Yandel Chases a Pop Crossover With Reggaeton Roots on ‘Dangerous’

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As a veteran of the industry, Yandel has become a celebrated superstar in the reggaeton world, along with his partner in crime Wisin. With his third solo effort Dangerous released this week, Yandel attempts to diversify his repertoire by recruiting a bevy of guests to help serve as ambassadors to their respective musical worlds.

While Yandel is no stranger to appearing on American artists’ work (with Wisin, he’s done features for everyone from 50 Cent to Paris Hilton), Dangerous marks the first of his own releases to more actively put reggaeton in dialogue with English-language urban genres. Though U.S. stars like French Montana, Pitbull, and Lil Jon (on a trap EDM remix of lead single “Calentura”) all make appearances on the guest-heavy set (the collaborations make up slightly over half of its running time), they are joined by reggaeton royalty like Tego Calderon and De La Ghetto to ensure the vibe doesn’t stray too far from what loyal fans would expect from the stalwart Yandel.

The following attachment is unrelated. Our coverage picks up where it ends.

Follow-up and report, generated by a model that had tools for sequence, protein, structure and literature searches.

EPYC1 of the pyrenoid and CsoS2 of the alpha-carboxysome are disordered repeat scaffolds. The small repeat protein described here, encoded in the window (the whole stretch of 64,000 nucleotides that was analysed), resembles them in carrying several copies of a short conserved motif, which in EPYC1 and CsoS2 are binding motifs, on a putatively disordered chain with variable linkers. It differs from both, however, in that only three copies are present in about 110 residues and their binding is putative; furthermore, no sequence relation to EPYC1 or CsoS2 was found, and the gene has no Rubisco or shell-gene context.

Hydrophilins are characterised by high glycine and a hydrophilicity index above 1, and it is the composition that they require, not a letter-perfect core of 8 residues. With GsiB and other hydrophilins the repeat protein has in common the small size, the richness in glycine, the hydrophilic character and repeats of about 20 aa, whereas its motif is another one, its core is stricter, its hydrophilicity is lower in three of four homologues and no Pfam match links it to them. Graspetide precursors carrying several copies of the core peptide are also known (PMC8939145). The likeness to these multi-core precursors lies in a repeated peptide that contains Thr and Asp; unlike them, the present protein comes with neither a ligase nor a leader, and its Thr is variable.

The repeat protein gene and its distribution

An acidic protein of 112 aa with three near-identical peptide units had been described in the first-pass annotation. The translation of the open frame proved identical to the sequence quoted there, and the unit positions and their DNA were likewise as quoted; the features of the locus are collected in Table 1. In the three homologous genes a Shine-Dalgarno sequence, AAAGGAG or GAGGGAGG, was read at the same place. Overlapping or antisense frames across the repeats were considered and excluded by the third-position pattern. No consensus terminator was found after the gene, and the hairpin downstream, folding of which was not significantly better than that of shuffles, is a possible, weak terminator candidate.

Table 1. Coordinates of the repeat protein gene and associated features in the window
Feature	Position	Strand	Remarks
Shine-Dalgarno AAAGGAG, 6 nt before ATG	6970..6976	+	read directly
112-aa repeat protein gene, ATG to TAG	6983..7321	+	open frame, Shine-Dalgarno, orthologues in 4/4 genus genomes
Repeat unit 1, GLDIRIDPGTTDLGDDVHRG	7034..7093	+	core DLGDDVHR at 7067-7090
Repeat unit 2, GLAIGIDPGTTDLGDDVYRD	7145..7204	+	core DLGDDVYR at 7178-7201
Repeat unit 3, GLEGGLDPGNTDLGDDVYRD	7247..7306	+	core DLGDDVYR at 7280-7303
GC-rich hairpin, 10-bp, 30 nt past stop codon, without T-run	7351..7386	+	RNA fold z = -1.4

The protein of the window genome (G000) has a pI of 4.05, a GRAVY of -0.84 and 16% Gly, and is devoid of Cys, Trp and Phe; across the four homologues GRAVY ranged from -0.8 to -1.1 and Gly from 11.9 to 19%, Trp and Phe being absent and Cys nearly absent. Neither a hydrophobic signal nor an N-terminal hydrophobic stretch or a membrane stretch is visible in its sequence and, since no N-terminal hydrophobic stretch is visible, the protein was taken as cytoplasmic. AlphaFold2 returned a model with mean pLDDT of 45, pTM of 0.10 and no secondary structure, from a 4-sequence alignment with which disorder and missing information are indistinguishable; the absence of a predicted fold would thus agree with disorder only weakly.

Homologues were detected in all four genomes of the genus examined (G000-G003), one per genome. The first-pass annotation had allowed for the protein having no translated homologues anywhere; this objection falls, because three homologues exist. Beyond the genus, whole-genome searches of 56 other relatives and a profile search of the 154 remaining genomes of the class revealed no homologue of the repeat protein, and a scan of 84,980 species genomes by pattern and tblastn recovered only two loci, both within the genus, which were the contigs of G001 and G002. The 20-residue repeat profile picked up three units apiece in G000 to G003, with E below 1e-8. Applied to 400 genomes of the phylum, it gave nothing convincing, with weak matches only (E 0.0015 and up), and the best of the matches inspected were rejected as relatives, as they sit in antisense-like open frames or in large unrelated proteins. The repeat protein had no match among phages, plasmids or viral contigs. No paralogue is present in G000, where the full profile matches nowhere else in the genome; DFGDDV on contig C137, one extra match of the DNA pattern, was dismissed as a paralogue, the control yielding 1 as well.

Of the U.S. influences, the most noteworthy comes from Future’s appearance on “Mi Combo (Spiff TV).” Future drops a verse and provides his signature auto-tuned wailing to accentuate Yandel’s vocals, and the instrumental is indeed a tasty combination of trap and classic dembow. Despite the crossover appeal, many of the best collaborations on Dangerous come from more traditional sources; “No Sales de Mi Mente,” a duet with Nicky Jam, seems primed for widespread success in a post-R. City & Adam Levine landscape. Elsewhere, Yandel pairs up with Calderon on “Yo Soy del Barrio” for a vibrant ode to the hood that could definitely turn the block up.

Yandel is also capable of holding down the fort by himself on tracks like “Fantasía,” which recalls much of his vintage work with Wisin y Yandel, and the Nesty-produced “Somos Uno,” a pulsing EDM pop song preaching unity that feels straight out of a Calvin Harris album.

It’s clear Yandel is ready to pursue success beyond his signature sound, but perhaps at not quite the same degree of wild abandon that say, Prince Royce took with Double Vision. While it’s commendable that Yandel would strive for loyalty to his roots while also tip-toeing toward other urban genres, some of the designs here seem half-hearted. Reworking a solid, clearly Latin-styled pop song like “Mi Mente” into a Spanglish version for English-lanugage radio – much like Justin Bieber and J. Balvin recently did on “Sorry (Latin Remix)” – might be a preferable route for Yandel to secure heavy airplay across multiple markets.